Posted in: by Anderson Injury Lawyers

The parents of five-year-old Moriah Modisette, who was killed December 24th, 2014, have decided to sue the technology giant Apple, Inc. The company, popularly known for

creating iPhones, iPads, and iMac computers, has not responded to the claim made by James and Bethany Modisette stating that the iPhone-equipped application “FaceTime” directly caused an accident to occur.

A Distracted Driver

The accident took place on Christmas Eve when the Modisettes were driving on the heavily trafficked highway, Interstate 35, going northbound in Dallas, just east of Fort Worth. The Modisettes, who were driving a Toyota Camry, was forced to slow down due to traffic, when all of a sudden an SUV travelling at a speed of 65 miles per hour struck the passenger car.

The SUV, whose driver was twenty-two year-old Garret Wilhelm, rolled unto the driver’s side of the Toyota Camry. Both James Modisette and his daughter, Moriah, were left in critical conditions as a result of the accident. Moriah was taken to nearby Cook Children’s Medical Center in Fort Worth. Moriah died due to her injuries. The three surviving family members in the vehicle, James, Bethany, and Isabella – Moriah’s eight-year-old sister – were rushed by emergency services to Denton Regional Medical Center.

Wilhelm, the driver of the Toyota 4Runner SUV that crashed onto the Modisettes, was also taken to Denton Regional Medical Center. Wilhelm was on a FaceTime phone call, which caused him to be distracted while driving. Officers found the FaceTime application still active when authorities arrived to the accident scene. Wilhem is facing a manslaughter charge from the police.

The Lawsuit

The parents of Moriah Modisette decided to sue Apple for negligence. More specifically, the family claims, according to documents filed in the Santa Clara County’s Superior Court, states that Apple failed to implement a patent that was approved in 2014 for a technology that would prevent iPhone users from using the FaceTime application while driving, due to a speed-detection technology incorporated in the phone’s GPS system. The lawsuit, which was filed on December 23rd, states that Apple neither placed the technology in use nor warned potential drivers from using the application while conducting their vehicles.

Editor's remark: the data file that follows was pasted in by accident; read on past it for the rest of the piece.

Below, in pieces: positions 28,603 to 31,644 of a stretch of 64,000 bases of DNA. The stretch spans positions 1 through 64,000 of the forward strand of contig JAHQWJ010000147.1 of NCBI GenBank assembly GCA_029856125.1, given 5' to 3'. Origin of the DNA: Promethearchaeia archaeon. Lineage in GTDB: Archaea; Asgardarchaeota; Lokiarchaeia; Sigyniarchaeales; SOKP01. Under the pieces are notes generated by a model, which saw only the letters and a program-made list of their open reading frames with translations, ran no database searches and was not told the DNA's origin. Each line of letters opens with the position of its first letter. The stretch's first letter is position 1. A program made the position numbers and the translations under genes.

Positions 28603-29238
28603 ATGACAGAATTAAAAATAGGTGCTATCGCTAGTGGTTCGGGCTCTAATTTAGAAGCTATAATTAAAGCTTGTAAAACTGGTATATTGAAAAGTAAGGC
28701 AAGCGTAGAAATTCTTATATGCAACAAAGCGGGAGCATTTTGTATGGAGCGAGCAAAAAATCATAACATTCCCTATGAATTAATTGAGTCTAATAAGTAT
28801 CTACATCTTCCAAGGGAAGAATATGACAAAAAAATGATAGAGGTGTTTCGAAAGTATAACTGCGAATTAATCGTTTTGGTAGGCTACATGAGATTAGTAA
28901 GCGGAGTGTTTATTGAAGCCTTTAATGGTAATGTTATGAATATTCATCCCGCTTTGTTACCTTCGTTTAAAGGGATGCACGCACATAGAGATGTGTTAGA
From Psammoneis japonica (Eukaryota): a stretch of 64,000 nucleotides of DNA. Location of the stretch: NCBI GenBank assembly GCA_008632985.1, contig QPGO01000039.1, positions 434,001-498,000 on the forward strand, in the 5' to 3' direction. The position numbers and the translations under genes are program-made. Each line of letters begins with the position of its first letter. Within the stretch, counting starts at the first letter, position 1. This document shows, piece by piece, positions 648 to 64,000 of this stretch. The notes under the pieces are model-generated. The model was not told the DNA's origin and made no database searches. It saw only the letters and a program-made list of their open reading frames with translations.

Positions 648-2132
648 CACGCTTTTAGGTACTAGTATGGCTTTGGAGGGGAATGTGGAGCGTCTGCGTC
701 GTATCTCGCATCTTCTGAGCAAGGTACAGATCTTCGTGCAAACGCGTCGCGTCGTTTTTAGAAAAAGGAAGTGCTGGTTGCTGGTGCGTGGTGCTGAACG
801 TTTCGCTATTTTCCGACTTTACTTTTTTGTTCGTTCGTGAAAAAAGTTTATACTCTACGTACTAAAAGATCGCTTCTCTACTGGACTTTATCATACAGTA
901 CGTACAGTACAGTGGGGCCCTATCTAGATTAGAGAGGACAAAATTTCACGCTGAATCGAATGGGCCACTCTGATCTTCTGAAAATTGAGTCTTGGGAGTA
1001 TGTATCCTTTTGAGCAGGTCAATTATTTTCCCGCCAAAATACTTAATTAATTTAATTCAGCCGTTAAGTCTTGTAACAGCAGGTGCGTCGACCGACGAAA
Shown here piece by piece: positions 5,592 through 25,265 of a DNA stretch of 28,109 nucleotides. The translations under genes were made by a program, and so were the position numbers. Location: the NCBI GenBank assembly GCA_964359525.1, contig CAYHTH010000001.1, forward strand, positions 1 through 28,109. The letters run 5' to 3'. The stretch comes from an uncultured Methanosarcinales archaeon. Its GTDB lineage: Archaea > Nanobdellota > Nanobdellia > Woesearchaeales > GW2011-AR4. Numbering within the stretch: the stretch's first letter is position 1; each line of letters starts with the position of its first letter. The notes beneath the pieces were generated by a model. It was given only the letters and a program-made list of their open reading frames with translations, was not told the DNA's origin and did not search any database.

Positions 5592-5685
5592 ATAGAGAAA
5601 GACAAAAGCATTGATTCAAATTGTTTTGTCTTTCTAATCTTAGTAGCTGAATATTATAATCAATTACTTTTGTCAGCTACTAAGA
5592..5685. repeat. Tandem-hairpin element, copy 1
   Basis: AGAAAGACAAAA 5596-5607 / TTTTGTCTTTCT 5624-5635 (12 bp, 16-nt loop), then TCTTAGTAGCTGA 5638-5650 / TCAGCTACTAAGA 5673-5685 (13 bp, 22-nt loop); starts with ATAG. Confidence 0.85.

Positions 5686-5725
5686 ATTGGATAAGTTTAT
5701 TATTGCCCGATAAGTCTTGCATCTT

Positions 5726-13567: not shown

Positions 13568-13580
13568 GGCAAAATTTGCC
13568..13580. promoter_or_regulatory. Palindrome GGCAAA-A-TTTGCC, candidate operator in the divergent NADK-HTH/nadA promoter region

Apple has not responded to neither the lawsuit or the claim that the family has brought forward. The Modisettes are seeking monetary damages for the incident.

Technology: How Far Will It Go?

Many scientists, modernists, and technologists have argued in favor of technology, stating that the implementation and easy-of-access facilitate people’s lives. However, what happens when the very technology that is used to benefit the lives of people affects, either directly or inadvertently, the lives of people? Or worse, what happens if the technology has contributed to the death of a child? These questions must be asked and answered if people want to live in a world where technology serves as both a tool and a threat to human existence. Is there a greater willingness for people to use technology responsibly versus using it in situations where the use of technology can bring fatal consequences? While technology is a tool – without a doubt -it can also be a threat that must be dealt with. The final question is: how far will humans get until technology must be regulated because of negligence?